Every French citizen presumed to be organ donor under new law
The presumed consent law, which came into effect on Jan. 1, was passed in hopes of increasing organ and tissue donation.
According to France’s national agency for biomedicine (Agence de la biomédecine), individuals who do not wish to be an organ or tissue donor can either officially register their refusal or express their wishes to family who will be consulted before a donation is made.
U.K.’s The Guardian reported that in a matter of one day, 150,000 citizens signed up for the refusal registry.
In Canada, organ donation registration is managed provincially or territorially. Registration in Saskatchewan is the lowest in the country with less than one per cent of the province’s eligible residents having registered.
In November, Saskatchewan Premier Brad Wall sought to implement the presumed consent model. The province’s Standing Committee on Human Services opposed the plan, but provincial Health Minister Jim Reiter told Global News last month that they were still hoping to pass presumed consent in the province.
Ronnie Gavsie, president and CEO of Ontario’s organ donation agency, Trillium Gift of Life, said presumed consent seems like a silver bullet but research shows it’s not.
Citing Spain and Singapore as examples of where presumed consent alone didn’t have a dramatic impact on donation rates, Gavsie said implementing better policy and infrastructure to encourage more organ donation has seen increased rates.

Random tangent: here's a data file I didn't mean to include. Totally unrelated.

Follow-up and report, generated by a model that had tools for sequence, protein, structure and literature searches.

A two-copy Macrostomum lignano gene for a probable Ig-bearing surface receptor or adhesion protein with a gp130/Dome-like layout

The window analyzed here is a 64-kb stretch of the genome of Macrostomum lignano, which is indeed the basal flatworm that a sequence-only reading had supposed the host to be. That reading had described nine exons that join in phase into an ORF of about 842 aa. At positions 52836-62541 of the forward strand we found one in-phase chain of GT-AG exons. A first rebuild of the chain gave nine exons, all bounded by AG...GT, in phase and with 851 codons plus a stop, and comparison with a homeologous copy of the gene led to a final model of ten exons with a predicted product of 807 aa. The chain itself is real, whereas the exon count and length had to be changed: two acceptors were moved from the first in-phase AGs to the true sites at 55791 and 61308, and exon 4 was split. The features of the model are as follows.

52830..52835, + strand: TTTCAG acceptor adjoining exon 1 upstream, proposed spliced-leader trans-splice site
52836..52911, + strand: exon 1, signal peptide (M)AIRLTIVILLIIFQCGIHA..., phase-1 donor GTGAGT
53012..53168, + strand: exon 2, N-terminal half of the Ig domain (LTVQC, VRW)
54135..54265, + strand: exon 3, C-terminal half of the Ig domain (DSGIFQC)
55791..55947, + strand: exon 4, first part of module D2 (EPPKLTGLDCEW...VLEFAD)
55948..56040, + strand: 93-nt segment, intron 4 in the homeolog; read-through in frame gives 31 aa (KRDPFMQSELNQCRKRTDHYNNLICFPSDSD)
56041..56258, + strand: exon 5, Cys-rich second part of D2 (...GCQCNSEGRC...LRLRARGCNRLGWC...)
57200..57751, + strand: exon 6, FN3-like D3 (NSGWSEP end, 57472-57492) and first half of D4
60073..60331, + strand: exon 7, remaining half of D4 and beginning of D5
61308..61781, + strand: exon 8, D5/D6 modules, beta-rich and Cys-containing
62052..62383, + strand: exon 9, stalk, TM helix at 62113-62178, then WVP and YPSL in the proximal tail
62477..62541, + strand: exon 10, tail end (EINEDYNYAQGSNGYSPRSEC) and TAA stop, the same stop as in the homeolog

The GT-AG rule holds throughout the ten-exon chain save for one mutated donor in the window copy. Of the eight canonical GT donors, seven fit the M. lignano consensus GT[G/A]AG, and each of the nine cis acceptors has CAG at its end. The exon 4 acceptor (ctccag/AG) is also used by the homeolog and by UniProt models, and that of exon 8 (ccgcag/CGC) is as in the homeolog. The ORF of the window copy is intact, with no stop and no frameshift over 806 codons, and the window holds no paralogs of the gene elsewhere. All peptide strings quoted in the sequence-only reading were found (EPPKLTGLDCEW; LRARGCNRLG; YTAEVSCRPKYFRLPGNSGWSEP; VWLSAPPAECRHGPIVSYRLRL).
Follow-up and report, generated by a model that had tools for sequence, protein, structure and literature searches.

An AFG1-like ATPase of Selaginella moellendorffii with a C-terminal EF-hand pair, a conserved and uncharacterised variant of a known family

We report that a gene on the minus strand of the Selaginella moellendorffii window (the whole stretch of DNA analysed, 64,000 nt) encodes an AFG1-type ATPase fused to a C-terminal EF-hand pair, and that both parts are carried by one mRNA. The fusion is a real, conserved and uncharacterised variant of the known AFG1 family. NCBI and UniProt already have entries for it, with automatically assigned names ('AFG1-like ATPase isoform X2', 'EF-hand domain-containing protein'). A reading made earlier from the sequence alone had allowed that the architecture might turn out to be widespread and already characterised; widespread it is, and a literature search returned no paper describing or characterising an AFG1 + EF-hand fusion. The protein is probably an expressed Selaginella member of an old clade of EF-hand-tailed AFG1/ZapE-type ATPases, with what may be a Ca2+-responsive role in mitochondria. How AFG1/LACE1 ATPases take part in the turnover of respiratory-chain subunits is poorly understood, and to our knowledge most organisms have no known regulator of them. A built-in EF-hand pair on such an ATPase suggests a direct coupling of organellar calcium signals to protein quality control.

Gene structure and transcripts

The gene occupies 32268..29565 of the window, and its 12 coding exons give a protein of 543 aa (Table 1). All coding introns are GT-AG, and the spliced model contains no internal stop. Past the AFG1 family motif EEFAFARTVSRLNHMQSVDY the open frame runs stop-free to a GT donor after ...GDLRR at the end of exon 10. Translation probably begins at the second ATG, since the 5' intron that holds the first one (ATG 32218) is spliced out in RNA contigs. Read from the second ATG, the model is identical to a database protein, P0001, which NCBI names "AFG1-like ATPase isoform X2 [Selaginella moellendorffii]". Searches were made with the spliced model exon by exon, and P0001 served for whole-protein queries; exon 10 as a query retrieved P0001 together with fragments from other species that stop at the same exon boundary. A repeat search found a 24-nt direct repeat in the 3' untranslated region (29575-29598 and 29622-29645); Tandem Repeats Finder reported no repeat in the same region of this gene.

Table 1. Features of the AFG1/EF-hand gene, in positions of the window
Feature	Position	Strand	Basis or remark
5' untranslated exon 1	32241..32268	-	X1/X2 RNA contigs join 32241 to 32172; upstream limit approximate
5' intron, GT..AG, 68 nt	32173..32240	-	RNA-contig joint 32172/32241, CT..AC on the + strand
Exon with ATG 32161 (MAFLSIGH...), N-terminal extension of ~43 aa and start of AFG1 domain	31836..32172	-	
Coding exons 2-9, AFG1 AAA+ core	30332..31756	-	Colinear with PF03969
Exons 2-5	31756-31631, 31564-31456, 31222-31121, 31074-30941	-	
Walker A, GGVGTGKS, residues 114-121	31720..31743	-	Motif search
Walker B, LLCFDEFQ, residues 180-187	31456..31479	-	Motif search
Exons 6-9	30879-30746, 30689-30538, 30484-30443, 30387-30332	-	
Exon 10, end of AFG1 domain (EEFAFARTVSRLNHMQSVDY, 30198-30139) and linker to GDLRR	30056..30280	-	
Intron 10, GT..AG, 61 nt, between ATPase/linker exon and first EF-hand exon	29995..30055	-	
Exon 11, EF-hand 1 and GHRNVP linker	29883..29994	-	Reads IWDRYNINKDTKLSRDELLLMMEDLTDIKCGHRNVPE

“Numbers [in Ontario] have gone up since we’ve put in place hospital donation physicians, stringent policies including mandatory approach of every family giving them the opportunity to decide, and public reporting,” said Gavsie.
“Based on what we’ve learned from other jurisdictions, I do not expect presumed consent will make a difference.”
In Ontario, 30 per cent of eligible donors are registered, up from around 24 per cent in the last five years. Gavsie said new data being released in the next few months indicates a positive trajectory year over year.
Dr. Amit Garg, a kidney specialist and researcher with the London Health Sciences Centre and Institute for Clinical Evaluative Sciences, told Global News that Canada’s current model of registering consent always defers to the next of kin to make the final decision – as does presumed consent – so it wouldn’t make a positive difference.
“Most experts would say [presumed consent] is not the solution because we’ve shown that both systems operate in similar ways when someone dies,” he said.
James Breckenridge, president and CEO of the Canadian Transplant Association echoed this, saying that the presumed consent model could add doubt into the minds of family members if the deceased didn’t voice any opinion.
Garg added that the language of “presumed consent” is touchy, eliciting an emotional or negative reaction. He explained that presumed consent generated such a strong backlash in Brazil that the law was changed back to an elective model in 1998.
Gavsie, Garg and Breckenridge agreed that Canadians should discuss their decision with family and friends so as not to leave them hanging should the situation arise. And if they decide to donate, they should register their consent.
“It’s really a situation where it’s personal to a lot of people and we have to respect their wishes and try and get them to instead understand the importance of what organ donation is,” said Breckenridge. “The alternative is that your organs are destroyed and not saving any lives.”
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